• first of all, it doesn't look like

  • Inequality can be placed at the feet of capitalism. It seems to me to be a far more intractable problem than that

  • second it's clear that the poor are getting richer despite the fact of inequality and third and this is hard on the

  • environmentalists I think is that it turns out that if you

  • Get people's income up to about five thousand dollars a year in terms of gross domestic product

  • They actually start to care about the environment

  • Which I suppose is because they're not worried about dying

  • Instantly that day or that week and so we seem to be in this perverse

  • situation for a pessimist where

  • We could make people

  • wealthy and

  • in in a positive manner and

  • We could make the world a better place simultaneously and that does seem to be very hard on

  • ideologue whose

  • ideology is predicated on a

  • Fundamental pessimism where you get the other people like the biologists do this sometimes and say well, yeah, we're purchasing all this short-term

  • prosperity

  • you know for these billions of people but at the cost of some medium to long term

  • eventual precipitous, you know

  • apocalyptic collapse and it's very difficult to formulate an argument against that kind of idea because

  • Well, you never know when some yeah, I think this is one of the thing tell him takes you to task for doesn't he?

  • Yes, I even though I actually have pretty extensive

  • coverage of the tail risks both in the better angels of our nature and in enlightenment now

  • and and indeed we do we cannot take

  • incremental improvement as itself an indication that the

  • Risk of catastrophe is at an acceptable level it may not be uh...

  • It's very hard to estimate what the risk of it

  • catastrophe is but there are certainly some that we that we ought to take very seriously

  • You're on the other hand the fact that you mentioned

  • uh...

  • Are often resisted by people in the green movement

  • I'm just going to lean down and pick up my earbud which rolled across the floor

  • Ah, but if anything it should give hope and succor to the environmental movement because it shows that

  • it is not true that we have to choose between

  • Economic growth which people do not want to give up and protecting the environment

  • That we can have both and indeed. There are some ways in which they go together the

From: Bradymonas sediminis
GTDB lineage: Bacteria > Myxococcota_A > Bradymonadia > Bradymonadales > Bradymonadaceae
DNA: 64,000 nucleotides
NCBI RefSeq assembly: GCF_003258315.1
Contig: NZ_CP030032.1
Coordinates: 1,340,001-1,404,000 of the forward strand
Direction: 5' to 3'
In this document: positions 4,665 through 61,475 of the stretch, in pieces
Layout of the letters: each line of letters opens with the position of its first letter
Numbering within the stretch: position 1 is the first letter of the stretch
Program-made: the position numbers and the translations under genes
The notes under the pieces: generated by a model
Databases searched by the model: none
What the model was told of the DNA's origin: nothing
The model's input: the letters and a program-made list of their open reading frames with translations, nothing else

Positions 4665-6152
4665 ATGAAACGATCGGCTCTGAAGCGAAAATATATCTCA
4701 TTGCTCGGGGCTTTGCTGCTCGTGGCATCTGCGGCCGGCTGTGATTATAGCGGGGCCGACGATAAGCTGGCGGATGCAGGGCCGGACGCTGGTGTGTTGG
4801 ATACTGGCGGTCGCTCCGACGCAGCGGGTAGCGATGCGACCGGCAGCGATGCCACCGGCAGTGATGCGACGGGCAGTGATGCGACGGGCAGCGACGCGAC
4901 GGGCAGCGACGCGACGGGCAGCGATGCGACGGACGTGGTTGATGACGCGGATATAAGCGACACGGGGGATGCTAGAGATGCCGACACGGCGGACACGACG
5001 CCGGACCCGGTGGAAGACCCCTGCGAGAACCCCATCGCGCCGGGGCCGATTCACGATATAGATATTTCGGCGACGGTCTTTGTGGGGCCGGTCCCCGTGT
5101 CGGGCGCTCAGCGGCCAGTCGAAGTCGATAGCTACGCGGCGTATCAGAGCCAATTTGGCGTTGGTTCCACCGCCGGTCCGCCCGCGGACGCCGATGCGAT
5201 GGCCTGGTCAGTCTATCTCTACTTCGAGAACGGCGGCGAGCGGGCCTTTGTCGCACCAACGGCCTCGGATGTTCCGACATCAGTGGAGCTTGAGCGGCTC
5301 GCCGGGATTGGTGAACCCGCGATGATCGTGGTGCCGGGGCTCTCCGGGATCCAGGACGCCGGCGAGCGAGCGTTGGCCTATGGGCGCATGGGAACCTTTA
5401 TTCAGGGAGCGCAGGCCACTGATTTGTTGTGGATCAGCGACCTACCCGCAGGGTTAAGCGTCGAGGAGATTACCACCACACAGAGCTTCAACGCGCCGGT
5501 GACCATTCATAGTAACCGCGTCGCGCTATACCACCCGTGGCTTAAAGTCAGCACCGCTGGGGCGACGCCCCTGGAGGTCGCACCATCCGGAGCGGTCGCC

• nations that have done the most to clean up their

  • environment in the last ten years are the wealthiest nations because they can afford it if you're dirt-poor as you mentioned the your first

  • Priority is putting food on the table and a roof over your head and the you know

  • The fate of the white rhinoceros is pretty pretty low on your list of priorities

  • And you might be willing to put up with some smog in order to have electricity

  • It's really awful to do (without) electricity. And I know having visited cities like Mumbai which are horribly polluted

  • And and they are awful, but it would be much worse to not have any electricity

  • Well on the other hand when you get more prosperous, then you willing to spring for the cleaner energy

  • and you can afford the clean your energy and as you mentioned your

  • values tend to climb a hierarchy and more

  • long term

  • Future concerns loom larger in your value system so it's an odd

  • Assumption that both the hard right and the hard green have in common

  • Which is that if we want to protect the environment we have to sacrifice

  • Prosperity go back to a simpler more peasant

  • Style of life the hard greens say well that we've got to give up modernity give up capitalism

  • go back to what are you living off the land the

  • Hard right says well, I don't want to do that. No one wants to do that

  • So to hell with the environment if the reality is that if both policy and technology are deployed intelligence

  • they ought to be then we can afford to protect the environment without going backwards and foregoing all of the